Commodity price observatory 2/2014

25 June 2014 Off By Pastaria

Pastaria’s four-monthly feature on the prices of the main raw materials used by pasta manufacturers.

by Centro studi economici Pastaria

Projections for the main food commodity prices remain bearish. Save for external events shaking up the market, such as those in March following the disorder in Crimea, current fundamentals indicate that an inversion of this trend is unlikely. For the most part, the outlook confirms a negative gap on an annual basis, with some of the prices recorded in the first part of 2014 being adjusted downwards.

A number of elements – ranging from the moderately restrictive shift in US monetary policy (the impact of which is already evident on currency exchange rates and capital movements) to the merely gradual pace of improvement in the economic cycle, especially in the USA and the UK, in a situation less encouraging for the Emerging nations – indicate that raw material prices are likely to remain largely stable, with possible advantages in the short term for the Eurozone countries, in terms of lower costs for commodities priced in dollars. This latter phenomenon is due to the 1.38/1.39 Euro/Dollar cross: although analysts agree this is overrated, it is probably set to remain around these levels in the absence of vigorous action to tackle it on the part of the European Central Bank.

The speculative demand for commodities, including farming and food products, will to an extent be pegged by the gradual return to normal of monetary conditions in the USA and the gradual reduction of excess liquidity. This will mean less money on the trading floor, but also less pressure to purchase on actual physical markets, in view of a likely slowdown in demand on the part of the Emerging countries, including China, and a market with sufficient supplies to meet demand.

For cereal raw materials, the bullish scenario of March that took analysts by surprise, significant as it was, lasted no longer than the (brief) crisis in the Black Sea region. In April, once the emergency was over and – above all – there was no longer the risk of blocks at the departure ports, prices of both wheat and corn began to fall, thus leading to a fall in flour prices.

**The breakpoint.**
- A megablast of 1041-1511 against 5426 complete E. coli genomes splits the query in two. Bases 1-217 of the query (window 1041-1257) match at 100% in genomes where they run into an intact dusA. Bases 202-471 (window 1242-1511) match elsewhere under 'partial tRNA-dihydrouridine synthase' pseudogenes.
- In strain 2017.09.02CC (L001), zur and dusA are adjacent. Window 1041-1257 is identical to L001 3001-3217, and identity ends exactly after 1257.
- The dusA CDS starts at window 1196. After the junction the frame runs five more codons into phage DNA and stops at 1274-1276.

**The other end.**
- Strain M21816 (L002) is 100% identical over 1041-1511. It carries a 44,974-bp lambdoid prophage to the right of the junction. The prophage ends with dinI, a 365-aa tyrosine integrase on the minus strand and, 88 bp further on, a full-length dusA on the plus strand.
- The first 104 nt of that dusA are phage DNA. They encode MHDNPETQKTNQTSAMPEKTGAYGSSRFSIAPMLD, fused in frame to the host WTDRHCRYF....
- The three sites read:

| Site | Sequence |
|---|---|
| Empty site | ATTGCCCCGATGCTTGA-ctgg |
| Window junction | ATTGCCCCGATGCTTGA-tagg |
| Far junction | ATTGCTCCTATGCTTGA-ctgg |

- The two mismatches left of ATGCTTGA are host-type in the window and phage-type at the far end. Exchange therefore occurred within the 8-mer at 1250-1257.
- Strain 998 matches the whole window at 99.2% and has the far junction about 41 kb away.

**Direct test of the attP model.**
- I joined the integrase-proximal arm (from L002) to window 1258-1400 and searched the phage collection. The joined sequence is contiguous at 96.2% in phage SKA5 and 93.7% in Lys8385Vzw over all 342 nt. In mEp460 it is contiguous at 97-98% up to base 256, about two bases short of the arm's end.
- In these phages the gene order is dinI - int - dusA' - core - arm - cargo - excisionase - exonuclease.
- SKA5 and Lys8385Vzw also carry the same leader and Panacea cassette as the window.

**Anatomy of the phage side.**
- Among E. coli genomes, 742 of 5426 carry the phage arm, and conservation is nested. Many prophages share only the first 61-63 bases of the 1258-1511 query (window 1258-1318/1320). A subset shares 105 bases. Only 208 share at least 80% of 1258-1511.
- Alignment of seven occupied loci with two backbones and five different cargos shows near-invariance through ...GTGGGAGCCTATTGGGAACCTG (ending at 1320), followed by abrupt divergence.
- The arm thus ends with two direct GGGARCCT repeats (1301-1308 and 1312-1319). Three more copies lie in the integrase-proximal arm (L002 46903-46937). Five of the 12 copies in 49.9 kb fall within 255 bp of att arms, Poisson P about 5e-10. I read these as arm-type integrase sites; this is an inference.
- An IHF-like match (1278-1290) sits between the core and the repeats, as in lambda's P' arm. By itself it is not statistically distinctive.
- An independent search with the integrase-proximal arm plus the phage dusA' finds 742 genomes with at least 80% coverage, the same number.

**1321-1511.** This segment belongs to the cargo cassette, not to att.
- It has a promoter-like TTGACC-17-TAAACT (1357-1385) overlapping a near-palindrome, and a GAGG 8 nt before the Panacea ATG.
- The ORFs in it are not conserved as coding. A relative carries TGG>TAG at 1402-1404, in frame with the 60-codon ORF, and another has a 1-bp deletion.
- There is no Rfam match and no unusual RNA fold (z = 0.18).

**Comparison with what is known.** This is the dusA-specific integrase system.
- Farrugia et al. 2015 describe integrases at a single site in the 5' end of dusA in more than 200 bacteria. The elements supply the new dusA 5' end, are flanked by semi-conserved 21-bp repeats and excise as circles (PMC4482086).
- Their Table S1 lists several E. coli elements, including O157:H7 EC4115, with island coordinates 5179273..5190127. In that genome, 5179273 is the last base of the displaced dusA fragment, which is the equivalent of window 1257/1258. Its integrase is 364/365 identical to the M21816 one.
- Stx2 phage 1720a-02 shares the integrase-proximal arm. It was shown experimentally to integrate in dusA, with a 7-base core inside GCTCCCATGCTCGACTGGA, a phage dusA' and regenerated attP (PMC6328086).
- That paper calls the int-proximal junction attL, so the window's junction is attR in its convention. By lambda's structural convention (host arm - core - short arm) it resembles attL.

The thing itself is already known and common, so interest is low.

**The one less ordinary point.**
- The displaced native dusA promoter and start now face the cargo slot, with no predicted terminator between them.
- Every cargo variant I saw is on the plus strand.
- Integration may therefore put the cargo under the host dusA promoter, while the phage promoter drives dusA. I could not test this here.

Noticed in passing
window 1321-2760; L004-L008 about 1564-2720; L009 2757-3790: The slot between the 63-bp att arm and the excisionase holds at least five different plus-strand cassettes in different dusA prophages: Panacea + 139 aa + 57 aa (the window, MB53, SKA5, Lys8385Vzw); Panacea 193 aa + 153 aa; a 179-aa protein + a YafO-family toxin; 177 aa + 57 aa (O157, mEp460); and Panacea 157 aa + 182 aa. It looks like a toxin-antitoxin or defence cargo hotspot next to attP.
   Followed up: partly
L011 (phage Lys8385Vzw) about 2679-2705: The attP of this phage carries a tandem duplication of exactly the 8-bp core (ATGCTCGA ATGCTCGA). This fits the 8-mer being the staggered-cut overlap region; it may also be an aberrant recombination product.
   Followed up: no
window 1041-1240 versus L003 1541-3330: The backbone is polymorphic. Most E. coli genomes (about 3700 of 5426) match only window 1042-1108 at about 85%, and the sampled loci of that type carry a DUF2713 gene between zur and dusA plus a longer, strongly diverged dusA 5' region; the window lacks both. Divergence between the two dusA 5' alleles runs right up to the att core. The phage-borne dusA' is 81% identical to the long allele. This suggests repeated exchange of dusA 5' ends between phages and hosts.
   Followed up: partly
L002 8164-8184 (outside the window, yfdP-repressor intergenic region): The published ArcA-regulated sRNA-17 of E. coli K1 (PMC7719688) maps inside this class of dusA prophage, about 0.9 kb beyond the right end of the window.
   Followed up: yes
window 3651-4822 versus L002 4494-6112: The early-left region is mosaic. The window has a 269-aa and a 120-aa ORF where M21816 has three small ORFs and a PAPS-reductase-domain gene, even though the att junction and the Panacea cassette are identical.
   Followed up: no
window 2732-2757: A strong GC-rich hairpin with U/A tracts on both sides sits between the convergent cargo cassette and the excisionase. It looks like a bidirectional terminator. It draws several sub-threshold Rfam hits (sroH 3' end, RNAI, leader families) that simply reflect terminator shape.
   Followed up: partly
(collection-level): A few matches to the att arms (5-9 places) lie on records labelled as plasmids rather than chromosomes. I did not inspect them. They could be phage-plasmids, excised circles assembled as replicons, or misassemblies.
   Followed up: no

Forecasts for the coming harvests, with a slight fall expected in wheat and a fractional rise in corn, indicate that international markets are likely to remain calm, also because the level of stocks is appropriate to the direction consumption is moving in. This scenario is of course valid provided it is not shaken up by events such as the outbreak of another crisis in Ukraine as a result of the disorder in the eastern regions, which would have an impact on the potential for supplying cereals, especially for the European milling industry.

In the light of the current fundamentals, the same clearly disinflationary prospects are faced by dairy products (milk, butter and cheese). In this segment, we are likely to see a narrowing of the positive gap on an annual basis, for two reasons: international supply trends (production remains on the increase in the USA, Europe and Oceania) and an expected slowdown in production costs on dairy farms, partly due to a drop in animal feed prices.

Prospects are stable for the prices of durum wheat, beef and olive oil. With regard to the latter, there is a significant difference in trends between the price of higher quality (extra-virgin) olive oils – on the up, but only in Italy – and the other types, including refined oils. Further negative trends are forecast here, partly due to the impact of the potent amount of supplies coming from Spain, together with the slow recovery in industrial demand.

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